Article
Dmitrii Kuznetsov · Feb 15, 2021 17m read
Four Database APIs

A concurrent session in IRIS:
SQL, Objects, REST, and GraphQL
 

Kazimir Malevich, "Athletes" (1932)
 

"But of course you don't understand! How can a person who has always traveled in a horse-drawn carriage understand the feelings and impressions of the express traveler or the pilot in the air?"

Kazimir Malevich (1916)

Introduction

We’ve already addressed the topic of why object/type representation is superior to SQL for implementing subject area models. And those conclusions and facts are as true now as they have ever been. So why should we take a step back and discuss technologies that drag abstractions back to the global level, where they had been in the pre-object and pre-type era? Why should we encourage the use of spaghetti code, which results in bugs that are hard to track down, and which relies only on virtuoso developer skills? 

There are several arguments in favor of transmitting data via SQL/REST/GraphQL-based APIs as opposed to representing them as types/objects:

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How can you allow computers to trust one another in your absence while maintaining security and privacy?

“A Dry Martini”, he said. “One. In a deep champagne goblet.”
“Oui, monsieur.”
“Just a moment. Three measures of Gordons, one of vodka, half a measure of Kina Lillet. Shake it very well until it’s ice-cold, then add a large thin slice of lemon peel. Got it?”
"Certainly, monsieur." The barman seemed pleased with the idea.
Casino Royale, Ian Fleming, 1953


OAuth helps to separate services with user credentials from “working” databases, both physically and geographically. It thereby strengthens the protection of identification data and, if necessary, helps you comply with the requirements of countries' data protection laws.

With OAuth, you can provide the user with the ability to work safely from multiple devices at once, while "exposing" personal data to various services and applications as little as possible. You can also avoid taking on "excess" data about users of your services (i.e. you can process data in a depersonalized form).

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OAuth server to be deployed on the IRIS learning cloud platform. Clients - one on the other instance of the learning IRIS server, the other client locally on my computer in the container docker.

Both clients get a seemingly correct link (through ##class(%SYS.OAuth2.Authorization).GetAuthorizationCodeEndpoint()) to the login request form:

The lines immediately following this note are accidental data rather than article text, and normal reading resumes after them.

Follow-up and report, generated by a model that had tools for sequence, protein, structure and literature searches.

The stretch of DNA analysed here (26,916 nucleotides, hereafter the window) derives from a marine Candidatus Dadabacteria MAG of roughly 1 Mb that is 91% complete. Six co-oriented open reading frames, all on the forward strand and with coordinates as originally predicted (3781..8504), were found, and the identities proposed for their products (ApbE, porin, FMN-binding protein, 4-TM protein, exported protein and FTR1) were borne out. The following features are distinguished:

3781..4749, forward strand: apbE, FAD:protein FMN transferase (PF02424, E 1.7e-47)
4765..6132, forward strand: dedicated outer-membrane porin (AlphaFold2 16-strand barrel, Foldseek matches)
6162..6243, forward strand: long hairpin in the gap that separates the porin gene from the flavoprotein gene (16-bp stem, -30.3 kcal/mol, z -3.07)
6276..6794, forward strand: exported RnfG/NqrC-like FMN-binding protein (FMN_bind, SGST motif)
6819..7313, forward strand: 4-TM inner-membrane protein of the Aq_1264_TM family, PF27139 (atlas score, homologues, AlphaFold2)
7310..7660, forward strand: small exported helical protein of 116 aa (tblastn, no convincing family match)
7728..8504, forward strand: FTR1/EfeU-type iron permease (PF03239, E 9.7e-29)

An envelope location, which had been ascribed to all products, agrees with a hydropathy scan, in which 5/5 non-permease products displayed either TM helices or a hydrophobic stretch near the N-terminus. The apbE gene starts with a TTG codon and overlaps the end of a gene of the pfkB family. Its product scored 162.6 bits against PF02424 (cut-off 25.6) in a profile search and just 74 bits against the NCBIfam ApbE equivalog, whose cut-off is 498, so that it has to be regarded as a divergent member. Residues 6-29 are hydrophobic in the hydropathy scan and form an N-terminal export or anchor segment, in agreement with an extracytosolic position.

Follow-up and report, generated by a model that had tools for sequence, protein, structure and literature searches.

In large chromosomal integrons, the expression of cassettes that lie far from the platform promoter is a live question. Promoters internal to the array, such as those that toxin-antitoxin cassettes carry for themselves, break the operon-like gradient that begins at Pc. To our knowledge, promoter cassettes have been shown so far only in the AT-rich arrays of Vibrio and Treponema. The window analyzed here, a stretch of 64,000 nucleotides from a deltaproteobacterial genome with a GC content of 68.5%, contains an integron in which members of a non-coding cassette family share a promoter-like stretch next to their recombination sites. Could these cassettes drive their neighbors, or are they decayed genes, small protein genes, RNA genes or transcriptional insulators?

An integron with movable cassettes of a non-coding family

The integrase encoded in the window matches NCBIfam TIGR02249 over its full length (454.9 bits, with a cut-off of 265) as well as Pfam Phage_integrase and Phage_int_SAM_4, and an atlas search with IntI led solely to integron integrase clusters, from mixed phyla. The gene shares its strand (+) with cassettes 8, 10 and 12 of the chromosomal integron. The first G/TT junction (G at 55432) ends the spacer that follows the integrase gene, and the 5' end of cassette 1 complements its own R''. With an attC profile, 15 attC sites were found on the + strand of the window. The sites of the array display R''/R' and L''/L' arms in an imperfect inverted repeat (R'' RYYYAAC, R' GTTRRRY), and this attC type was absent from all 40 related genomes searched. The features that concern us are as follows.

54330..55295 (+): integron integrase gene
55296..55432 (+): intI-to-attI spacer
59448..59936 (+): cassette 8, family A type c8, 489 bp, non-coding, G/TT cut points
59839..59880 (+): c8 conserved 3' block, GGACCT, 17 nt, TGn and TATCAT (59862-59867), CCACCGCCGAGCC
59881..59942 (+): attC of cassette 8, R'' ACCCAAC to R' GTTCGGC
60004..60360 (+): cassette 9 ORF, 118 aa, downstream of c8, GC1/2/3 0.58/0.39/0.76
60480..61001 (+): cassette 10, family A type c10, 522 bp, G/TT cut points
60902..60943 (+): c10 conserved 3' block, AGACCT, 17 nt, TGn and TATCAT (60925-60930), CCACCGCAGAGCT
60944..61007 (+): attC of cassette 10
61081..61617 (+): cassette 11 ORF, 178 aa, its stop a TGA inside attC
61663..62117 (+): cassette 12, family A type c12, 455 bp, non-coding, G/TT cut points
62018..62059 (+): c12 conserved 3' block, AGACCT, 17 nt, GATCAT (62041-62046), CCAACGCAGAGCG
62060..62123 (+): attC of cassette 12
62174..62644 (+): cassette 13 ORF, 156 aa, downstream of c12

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Article
Dmitrii Kuznetsov · Mar 31, 2019 20m read
How to write the home address right?

How Tax Service, OpenStreetMap, and InterSystems IRIS
could help developers get clean addresses

 

Pieter Brueghel the Younger, Paying the Tax (The Tax Collector), 1640

 

In my previous article, we just skimmed the surface of objects. Let's continue our reconnaissance. Today's topic is a tough one. It's not quite BIG DATA, but it's still the data not easy to work with: we're talking about fairly large amounts of data. It won't all fit into RAM at once, and some of it won't even fit on the drive (not due to lack of space, but because there's a lot of junk). The name of our subject is FIAS DB: the Federal Information Address System database - the databases of addresses in Russia. The archive is 5.5 GB. And it's a compressed XML file. After extraction, it will be a full 53 GB (set aside 110 GB for extraction). And when you start to parse and convert it, that 110 GB won't be enough. There won't be enough RAM either.

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Headache-free stored objects: a simple example of working with InterSystems Caché objects in ObjectScript and Python

Neuschwanstein Castle

Tabular data storages based on what is formally known as the relational data model will be celebrating their 50th anniversary in June 2020. Here is an official document – that very famous article.  Many thanks for it to Doctor Edgar Frank Codd. By the way, the relational data model is on the list of the most important global innovations of the past 100 years published by Forbes.

On the other hand, oddly enough, Codd viewed relational databases and SQL as a distorted implementation of his theory.  For general guidance, he created 12 rules that any relational database management system must comply with (there are actually 13 rules). Honestly speaking, there is zero DBMS's on the market that observes at least Rule 0. Therefore, no one can call their DBMS 100% relational :) If you know any exceptions, please let me know.

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